DEVELOPMENT OF IMAGE-BASED DENSITY DIAGNOSTICS WITH BACKGROUND-ORIENTED SCHLIEREN AND APPLICATION TO PLASMA INDUCED FLOW
There is growing interest in the use of nanosecond surface dielectric barrier discharge (ns-SDBD) actuators for high-speed (supersonic/hypersonic) flow control. A plasma discharge is created using a nanosecond-duration pulse of several kilovolts, and leads to a rapid heat release and a complex three-dimensional flow field. Past work has been limited to qualitative visualizations such as schlieren imaging, and detailed measurements of the induced flow are required to develop a mechanistic model of the actuator performance.
Background-Oriented Schlieren (BOS) is a quantitative variant of schlieren imaging and measures density gradients in a flow field by tracking the apparent distortion of a target dot pattern. The distortion is estimated by cross-correlation, and the density gradients can be integrated spatially to obtain the density field. Owing to the simple setup and ease of use, BOS has been applied widely, and is becoming the preferred density measurement technique. However, there are several unaddressed limitations with potential for improvement, especially for application to complex flow fields such as those induced by plasma actuators.
This thesis presents a series of developments aimed at improving the various aspects of the BOS measurement chain to provide an overall improvement in the accuracy, precision, spatial resolution and dynamic range. A brief summary of the contributions are:
1) a synthetic image generation methodology to perform error and uncertainty analysis for PIV/BOS experiments,
2) an uncertainty quantification methodology to report local, instantaneous, a-posteriori uncertainty bounds on the density field, by propagating displacement uncertainties through the measurement chain,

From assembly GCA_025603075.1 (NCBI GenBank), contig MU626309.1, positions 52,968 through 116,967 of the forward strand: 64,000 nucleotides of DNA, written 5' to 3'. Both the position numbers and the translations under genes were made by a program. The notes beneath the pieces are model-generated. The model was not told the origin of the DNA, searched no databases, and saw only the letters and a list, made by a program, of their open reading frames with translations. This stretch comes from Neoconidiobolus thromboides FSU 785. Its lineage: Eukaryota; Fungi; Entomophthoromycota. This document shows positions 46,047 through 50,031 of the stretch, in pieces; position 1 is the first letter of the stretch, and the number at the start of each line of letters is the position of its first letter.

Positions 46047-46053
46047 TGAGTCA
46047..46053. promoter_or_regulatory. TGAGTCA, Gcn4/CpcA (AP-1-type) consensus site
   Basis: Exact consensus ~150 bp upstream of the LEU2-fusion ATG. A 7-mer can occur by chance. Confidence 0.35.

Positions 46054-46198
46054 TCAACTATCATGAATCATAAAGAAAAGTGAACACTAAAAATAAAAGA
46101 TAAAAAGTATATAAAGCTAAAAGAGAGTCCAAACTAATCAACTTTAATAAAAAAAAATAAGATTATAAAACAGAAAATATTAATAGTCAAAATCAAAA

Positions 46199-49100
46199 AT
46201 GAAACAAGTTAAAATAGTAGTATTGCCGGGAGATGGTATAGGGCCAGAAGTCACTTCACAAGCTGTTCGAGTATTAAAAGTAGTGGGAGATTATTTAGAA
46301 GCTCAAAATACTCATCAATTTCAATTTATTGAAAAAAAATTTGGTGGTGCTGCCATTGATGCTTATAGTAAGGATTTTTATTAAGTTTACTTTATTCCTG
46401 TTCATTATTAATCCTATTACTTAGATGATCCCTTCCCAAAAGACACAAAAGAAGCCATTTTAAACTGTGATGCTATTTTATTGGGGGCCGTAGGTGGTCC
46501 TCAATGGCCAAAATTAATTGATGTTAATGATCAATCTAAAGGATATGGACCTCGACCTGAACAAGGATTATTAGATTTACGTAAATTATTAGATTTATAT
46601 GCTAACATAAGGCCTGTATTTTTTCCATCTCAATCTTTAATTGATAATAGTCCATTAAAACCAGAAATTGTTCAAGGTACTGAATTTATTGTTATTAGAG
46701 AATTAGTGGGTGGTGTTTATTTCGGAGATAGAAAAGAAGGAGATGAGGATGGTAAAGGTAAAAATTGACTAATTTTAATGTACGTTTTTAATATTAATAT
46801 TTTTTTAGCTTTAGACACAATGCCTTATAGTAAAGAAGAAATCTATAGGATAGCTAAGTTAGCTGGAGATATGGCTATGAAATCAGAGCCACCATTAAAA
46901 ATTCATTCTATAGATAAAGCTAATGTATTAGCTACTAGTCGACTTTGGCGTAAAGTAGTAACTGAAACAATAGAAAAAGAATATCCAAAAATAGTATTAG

3) an improved displacement uncertainty estimation method using a meta-uncertainty framework whereby uncertainties estimated by different methods are combined based on the sensitivities to image perturbations,
4) the development of a Weighted Least Squares-based density integration methodology to reduce the sensitivity of the density estimation procedure to measurement noise.
5) a tracking-based processing algorithm to improve the accuracy, precision and spatial resolution of the measurements,
6) a theoretical model of the measurement process to demonstrate the effect of density gradients on the position uncertainty, and an uncertainty quantification methodology for tracking-based BOS,
Then the improvements to BOS are applied to perform a detailed characterization of the flow induced by a filamentary surface plasma discharge to develop a reduced-order model for the length and time scales of the induced flow. The measurements show that the induced flow consists of a hot gas kernel filled with vorticity in a vortex ring that expands and cools over time. A reduced-order model is developed to describe the induced flow and applying the model to the experimental data reveals that the vortex ring's properties govern the time scale associated with the kernel dynamics. The model predictions for the actuator-induced flow length and time scales can guide the choice of filament spacing and pulse frequencies for practical multi-pulse ns-SDBD configurations.
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